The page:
To ask Her Majesty's Government what role they forecast small businesses will play in the Big Society.
My Lords, small businesses are the cornerstone of our economy and have a vital role to play in growing the big society. Businesses already make a significant contribution in supporting local voluntary and community organisations by sharing assets and expertise, philanthropic donations and exchange of staff. In December of last year, we launched Every Business Commits, asking businesses to do their part in growing the economy as well as in helping to tackle social problems and building stronger communities.
Given the Government's failure to define the big society and, indeed, the role of small businesses within it, especially in helping to strengthen local communities, will the Minister look again at the regional growth fund, whose administrative possibilities-the £1 million threshold that it applies and the early closure date-mean that there has been a restriction on small businesses? Also, given the Government's failure in their tepid approach to getting the banks to help out small businesses, will she take up the idea proposed by the chairman of the London Stock Exchange to encourage blue chip companies to contribute to funding small businesses, especially those that are regional and have an innovative flair to them?
My Lords, the big society is defined by many in this House as being what most of them have done for most of their lives. It is a volunteering, social action, philanthropic approach to life, but it is also about the opening up of public services to local control and devolution of power. The regional growth fund is a discretionary fund to stimulate economic growth and employment and will operate over a period of three years. In particular, it will help those areas and communities that currently depend on the public sector to make the transition to sustainable, private sector-led growth and prosperity. Small and medium-sized enterprises have a vital role to play in that.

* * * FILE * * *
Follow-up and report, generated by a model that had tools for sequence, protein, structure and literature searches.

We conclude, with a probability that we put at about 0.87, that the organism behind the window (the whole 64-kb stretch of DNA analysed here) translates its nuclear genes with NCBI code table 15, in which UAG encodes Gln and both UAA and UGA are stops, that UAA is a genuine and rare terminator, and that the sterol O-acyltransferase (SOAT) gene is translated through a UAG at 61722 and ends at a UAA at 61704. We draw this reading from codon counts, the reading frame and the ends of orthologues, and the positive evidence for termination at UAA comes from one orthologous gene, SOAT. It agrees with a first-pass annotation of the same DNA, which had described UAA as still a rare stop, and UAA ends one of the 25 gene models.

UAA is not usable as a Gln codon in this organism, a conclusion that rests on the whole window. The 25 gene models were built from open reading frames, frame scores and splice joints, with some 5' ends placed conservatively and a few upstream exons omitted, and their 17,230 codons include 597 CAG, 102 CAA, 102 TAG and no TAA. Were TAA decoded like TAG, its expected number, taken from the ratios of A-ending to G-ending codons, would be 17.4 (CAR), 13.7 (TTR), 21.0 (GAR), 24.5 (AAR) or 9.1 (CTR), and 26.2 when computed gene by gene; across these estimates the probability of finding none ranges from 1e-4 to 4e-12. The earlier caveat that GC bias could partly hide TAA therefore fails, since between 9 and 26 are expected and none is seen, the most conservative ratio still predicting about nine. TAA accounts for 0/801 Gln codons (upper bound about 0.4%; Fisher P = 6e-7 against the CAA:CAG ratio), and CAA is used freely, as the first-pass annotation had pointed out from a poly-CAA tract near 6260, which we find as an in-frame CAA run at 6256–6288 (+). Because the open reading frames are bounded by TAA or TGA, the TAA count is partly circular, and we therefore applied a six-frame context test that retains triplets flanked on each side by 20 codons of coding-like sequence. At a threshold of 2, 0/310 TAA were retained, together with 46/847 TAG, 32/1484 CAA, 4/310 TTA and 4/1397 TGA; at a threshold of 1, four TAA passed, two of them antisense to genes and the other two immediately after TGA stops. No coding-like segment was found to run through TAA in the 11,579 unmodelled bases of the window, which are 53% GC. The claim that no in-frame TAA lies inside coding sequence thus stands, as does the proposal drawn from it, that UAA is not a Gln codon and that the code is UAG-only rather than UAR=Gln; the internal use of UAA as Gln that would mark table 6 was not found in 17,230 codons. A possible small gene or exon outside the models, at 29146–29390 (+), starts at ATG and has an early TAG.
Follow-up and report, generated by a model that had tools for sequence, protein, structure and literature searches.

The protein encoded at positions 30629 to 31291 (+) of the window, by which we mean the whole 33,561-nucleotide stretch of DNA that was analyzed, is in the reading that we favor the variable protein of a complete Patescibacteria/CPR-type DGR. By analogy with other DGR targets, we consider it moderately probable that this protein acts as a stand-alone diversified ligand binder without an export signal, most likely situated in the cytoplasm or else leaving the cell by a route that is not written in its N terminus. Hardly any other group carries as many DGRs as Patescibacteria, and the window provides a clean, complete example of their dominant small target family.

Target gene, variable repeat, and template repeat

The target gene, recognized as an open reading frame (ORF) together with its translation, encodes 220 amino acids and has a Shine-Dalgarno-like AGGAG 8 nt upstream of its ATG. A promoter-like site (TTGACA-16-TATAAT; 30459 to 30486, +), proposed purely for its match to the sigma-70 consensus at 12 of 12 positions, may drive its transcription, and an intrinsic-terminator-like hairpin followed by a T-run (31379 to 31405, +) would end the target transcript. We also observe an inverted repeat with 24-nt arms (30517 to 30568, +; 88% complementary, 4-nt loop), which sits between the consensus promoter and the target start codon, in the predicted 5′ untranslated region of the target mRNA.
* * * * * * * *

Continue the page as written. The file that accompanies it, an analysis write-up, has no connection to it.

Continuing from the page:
My Lords, does the Minister accept that, if the big society means nothing more than what many of us have been doing for most of our lives, that would be a disappointment? I say this on a purely non-political basis. We now have an opportunity to regenerate local communities and to help them to become much more involved in their own quality of life. However, we can do that only if we get out into local communities and stimulate people to become involved.
I agree with the noble Lord's comments. Indeed, the big society goes beyond what noble Lords have been doing because, as I said, there will be devolution of power and an opening up of public services to local control. However, I am sure that noble Lords around the Chamber will agree that we can always do more.
Does my noble friend agree that for small businesses to play their part in the big society they need more of what the Government have already started, which is to remove the burden of regulation imposed by the previous Government, such as the burden of proof in disputes in court cases? I am also thinking of reducing the employers' national insurance contribution and, particularly, maintaining a stable economy. In that way, small businesses will thrive, create jobs and play their part in society.